The board of East Kentucky Power Cooperative (EKPC) should scrap the idea of building the proposed Smith Plant in Clark County.
A recent management audit released by the Kentucky Public Service Commission raises more than enough questions about the future of the cooperative's financial health.
The audit notes that EKPC has been too reliant on building, owning and operating electric generating facilities and has not sufficiently explored other options.
As it stands, EKPC already owes more than $1.3 billion for older power plants and is not well-positioned to dump almost a billion additional ratepayer dollars into building a risky new coal plant.
This is a time for EKPC to start moving in a healthier and more responsible direction, not just with cleaner energy supplies such as wind and solar, but also by exploring energy efficiency for its customers and ratepayers.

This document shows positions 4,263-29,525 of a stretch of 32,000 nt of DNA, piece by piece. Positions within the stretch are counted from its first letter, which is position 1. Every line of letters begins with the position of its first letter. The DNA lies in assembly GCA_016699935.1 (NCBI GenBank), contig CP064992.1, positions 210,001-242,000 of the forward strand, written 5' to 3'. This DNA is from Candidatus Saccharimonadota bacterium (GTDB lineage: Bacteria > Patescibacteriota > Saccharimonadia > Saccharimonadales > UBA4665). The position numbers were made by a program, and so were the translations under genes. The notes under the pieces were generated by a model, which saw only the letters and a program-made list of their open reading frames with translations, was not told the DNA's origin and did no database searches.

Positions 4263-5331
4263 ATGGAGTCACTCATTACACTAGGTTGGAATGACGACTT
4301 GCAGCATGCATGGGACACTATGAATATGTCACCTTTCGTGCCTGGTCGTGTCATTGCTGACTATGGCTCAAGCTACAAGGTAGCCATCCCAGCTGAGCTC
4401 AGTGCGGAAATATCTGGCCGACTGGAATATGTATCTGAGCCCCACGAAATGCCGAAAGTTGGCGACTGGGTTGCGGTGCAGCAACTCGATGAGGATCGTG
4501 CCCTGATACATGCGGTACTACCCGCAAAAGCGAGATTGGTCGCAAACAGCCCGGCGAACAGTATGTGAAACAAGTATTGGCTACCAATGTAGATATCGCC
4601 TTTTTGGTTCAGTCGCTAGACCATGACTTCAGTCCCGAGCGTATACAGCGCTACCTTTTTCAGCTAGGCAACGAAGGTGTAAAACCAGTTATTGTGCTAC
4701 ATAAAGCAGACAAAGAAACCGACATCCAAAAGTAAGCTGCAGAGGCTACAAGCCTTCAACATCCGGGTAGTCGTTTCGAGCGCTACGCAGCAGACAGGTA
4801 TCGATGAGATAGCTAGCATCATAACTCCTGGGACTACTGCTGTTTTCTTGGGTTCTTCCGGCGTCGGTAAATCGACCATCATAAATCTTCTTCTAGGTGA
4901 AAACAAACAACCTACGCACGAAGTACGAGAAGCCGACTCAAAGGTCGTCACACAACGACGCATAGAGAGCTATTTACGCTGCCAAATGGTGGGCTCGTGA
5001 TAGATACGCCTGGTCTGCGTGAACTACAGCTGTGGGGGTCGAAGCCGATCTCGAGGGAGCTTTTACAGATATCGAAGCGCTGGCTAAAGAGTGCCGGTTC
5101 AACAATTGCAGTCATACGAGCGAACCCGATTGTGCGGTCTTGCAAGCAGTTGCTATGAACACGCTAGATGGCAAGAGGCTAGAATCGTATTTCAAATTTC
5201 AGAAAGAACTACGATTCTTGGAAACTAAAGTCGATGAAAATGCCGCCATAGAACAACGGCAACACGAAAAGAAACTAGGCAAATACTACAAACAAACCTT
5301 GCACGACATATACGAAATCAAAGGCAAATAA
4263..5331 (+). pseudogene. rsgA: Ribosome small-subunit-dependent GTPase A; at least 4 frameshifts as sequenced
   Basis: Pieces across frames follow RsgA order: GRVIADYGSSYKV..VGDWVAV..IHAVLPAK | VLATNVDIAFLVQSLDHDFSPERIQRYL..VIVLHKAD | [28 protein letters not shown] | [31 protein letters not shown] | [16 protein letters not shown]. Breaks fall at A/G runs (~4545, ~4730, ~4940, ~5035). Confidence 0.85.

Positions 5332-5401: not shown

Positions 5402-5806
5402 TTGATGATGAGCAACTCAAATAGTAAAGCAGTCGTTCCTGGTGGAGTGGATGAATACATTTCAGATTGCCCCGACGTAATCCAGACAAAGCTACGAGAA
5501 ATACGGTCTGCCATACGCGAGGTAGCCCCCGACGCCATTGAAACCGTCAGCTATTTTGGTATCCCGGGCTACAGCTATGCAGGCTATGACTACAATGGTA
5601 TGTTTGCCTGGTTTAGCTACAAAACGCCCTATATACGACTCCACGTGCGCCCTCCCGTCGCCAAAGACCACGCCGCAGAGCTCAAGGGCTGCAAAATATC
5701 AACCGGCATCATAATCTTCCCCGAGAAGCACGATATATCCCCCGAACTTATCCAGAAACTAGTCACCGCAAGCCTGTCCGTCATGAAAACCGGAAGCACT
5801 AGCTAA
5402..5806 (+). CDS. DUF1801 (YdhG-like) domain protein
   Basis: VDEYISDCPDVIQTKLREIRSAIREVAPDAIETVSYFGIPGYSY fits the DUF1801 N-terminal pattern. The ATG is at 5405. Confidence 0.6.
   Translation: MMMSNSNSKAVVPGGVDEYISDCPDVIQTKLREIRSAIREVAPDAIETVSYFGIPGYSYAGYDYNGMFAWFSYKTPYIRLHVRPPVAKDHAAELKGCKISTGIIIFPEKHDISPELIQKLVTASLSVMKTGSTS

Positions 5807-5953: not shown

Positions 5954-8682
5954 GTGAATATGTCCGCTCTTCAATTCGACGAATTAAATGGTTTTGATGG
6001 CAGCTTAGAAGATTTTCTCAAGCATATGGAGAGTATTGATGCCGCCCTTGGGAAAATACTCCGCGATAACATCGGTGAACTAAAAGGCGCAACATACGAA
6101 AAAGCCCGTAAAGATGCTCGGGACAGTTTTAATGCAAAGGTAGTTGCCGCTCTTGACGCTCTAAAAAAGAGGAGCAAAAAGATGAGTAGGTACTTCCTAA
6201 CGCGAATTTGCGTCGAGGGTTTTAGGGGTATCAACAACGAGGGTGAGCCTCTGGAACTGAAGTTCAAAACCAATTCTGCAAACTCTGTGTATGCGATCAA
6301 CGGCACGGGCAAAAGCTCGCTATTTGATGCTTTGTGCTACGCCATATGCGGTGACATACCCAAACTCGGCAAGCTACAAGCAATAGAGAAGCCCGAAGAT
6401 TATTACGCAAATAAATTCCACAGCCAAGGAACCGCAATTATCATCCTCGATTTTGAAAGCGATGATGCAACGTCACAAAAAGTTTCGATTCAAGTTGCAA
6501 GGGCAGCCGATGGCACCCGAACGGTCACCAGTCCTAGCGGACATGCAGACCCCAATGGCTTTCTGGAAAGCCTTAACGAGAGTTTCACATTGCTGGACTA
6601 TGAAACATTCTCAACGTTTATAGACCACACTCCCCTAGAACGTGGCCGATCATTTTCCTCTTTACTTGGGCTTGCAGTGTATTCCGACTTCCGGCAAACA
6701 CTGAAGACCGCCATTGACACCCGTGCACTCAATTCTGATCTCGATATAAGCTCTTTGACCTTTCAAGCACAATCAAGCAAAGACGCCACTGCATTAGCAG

Whether it is helping to keep rates low or helping to keep the state's air and water clean and safe, it is time for the EKPC management to get its act together.
The costs, human and financial, are enough to bring the hatchet down on this whole project. It's time for the managers, particularly the EKPC board, to take responsibility, pull in the reins on the proposed Smith plant and reinvest in cleaner, safer forms of energy.
Jesus' legal status
If indeed Jesus made his second appearance and landed in Arizona, would he be arrested as an undocumented alien?
What would his punishment be? Would he be crucified again?
President Barack Obama recently signed a $10 billion bailout for the nation's public schools.
Before passage of the measure, however, the National Education Association argued on its Web site that Sen. Mitch McConnell was keeping the U.S. Senate from "even discussing how to help America's schools avoid a looming crisis."
Without the bailout, the teachers union claimed that 138,000 teachers would have been laid off, resulting in increased class sizes and reduced school weeks nationwide.
Because the union was looking to assign blame for the "looming crisis," consider what its role was in creating it.